Friday, November 9, 2012: 8:00 AM-9:30 AM
Carroll (Sheraton Baltimore City Center Hotel)
*Names in bold indicate Presenter
Organizers: Cary Coglianese, University of Pennsylvania
Moderators: Susan L. Moffitt, Brown University
Chairs: Cary Coglianese, University of Pennsylvania Law School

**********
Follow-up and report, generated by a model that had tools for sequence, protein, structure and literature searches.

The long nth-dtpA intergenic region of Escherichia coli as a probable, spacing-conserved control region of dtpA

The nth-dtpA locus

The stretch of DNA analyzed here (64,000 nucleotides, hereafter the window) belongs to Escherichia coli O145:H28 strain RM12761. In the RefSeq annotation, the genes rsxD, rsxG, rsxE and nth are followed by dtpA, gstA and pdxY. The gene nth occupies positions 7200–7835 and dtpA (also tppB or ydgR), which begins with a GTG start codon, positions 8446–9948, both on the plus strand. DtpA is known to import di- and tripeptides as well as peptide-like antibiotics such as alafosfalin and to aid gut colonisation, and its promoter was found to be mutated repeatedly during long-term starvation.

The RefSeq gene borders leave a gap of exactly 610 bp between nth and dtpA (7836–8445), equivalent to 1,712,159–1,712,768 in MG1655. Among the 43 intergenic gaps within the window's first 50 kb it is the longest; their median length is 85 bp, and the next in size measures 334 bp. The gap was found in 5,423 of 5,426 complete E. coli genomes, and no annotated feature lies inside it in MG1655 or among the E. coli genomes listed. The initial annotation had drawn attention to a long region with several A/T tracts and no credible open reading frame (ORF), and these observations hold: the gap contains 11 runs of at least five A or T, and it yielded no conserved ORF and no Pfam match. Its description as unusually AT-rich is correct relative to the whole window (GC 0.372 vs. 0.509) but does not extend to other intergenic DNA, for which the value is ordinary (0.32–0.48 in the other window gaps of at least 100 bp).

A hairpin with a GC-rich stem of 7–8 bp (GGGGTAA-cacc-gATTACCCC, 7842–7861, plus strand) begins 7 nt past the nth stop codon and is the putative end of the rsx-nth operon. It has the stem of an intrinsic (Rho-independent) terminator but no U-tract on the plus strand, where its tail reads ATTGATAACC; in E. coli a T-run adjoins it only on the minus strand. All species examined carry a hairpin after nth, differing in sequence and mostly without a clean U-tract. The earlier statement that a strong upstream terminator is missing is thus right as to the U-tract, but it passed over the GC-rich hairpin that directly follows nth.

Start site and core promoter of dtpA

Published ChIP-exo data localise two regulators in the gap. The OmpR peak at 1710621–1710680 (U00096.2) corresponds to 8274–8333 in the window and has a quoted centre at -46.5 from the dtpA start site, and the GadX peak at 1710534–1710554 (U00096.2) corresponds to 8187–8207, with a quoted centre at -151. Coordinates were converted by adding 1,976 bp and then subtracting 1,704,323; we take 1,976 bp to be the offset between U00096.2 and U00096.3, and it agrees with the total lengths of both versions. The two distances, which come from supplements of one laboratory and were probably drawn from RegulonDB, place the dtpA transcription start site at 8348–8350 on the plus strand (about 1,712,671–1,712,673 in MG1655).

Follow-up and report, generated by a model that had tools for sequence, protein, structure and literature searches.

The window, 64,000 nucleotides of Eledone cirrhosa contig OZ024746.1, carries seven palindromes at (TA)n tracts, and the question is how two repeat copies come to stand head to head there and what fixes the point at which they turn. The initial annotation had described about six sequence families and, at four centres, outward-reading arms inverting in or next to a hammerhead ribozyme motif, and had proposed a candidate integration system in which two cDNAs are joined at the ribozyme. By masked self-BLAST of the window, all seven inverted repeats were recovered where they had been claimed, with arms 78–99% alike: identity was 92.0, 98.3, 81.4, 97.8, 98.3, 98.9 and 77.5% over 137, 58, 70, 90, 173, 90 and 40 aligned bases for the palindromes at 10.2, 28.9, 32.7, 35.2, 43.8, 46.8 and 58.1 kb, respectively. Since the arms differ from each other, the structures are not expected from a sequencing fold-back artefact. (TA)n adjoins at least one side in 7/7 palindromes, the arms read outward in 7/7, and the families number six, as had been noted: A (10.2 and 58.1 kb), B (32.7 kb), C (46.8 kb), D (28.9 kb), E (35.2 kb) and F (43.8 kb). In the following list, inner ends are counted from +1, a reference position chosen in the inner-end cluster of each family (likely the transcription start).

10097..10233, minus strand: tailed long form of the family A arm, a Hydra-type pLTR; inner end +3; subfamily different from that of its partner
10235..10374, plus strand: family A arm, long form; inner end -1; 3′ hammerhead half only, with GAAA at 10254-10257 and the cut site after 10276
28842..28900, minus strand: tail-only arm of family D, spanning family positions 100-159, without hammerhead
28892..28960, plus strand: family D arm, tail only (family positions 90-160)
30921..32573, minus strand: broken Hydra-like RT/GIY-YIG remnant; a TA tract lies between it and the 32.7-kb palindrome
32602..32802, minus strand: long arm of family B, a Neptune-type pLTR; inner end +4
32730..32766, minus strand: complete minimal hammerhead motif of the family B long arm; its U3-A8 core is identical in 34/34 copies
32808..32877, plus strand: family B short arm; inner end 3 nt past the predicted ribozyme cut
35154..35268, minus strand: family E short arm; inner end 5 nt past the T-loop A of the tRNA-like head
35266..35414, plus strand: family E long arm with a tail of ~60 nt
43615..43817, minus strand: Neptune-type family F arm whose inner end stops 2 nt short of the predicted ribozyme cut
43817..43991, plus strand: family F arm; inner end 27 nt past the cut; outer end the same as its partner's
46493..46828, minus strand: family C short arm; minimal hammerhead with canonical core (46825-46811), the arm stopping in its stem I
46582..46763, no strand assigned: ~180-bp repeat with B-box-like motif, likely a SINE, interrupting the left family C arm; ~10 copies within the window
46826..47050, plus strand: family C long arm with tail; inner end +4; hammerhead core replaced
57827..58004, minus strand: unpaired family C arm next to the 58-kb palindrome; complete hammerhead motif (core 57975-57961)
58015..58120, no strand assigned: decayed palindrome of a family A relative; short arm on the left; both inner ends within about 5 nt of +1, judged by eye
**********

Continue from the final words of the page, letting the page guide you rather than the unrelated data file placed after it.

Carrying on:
Has the United States suffered a regulatory breakdown? Today the answer would appear to be clearly, yes. Virtually every account of the nation’s woes over the past few years has placed considerable blame on regulation. One could even say that dissatisfaction with the performance of regulation has become one of the rare points of agreement between Democrats and Republicans – although their sources of disaffection vary profoundly. For the left, the United States would have never suffered disasters like the financial crisis or the Gulf Coast oil spill had the regulatory system not grown lax. For the right, the country never would have suffered such deep and sustained economic problems had costly regulations not stifled the business risk-taking needed to jumpstart economic growth. Whichever account is correct U.S. regulation clearly suffers a deep crisis of confidence. Government has become less trusted and politics more polarized, with debates over regulatory policy readily devolving into highly charged ideological disputes. This panel will feature papers analyzing the disparate causes of the current crisis as well as considering potential solutions. Drawing on studies of both the housing finance crisis and the Gulf Coast oil spill, as well as research on persistent claims about regulatory ossification, the panel seeks to draw lessons about regulatory failure and its prevention for both policymakers and researchers.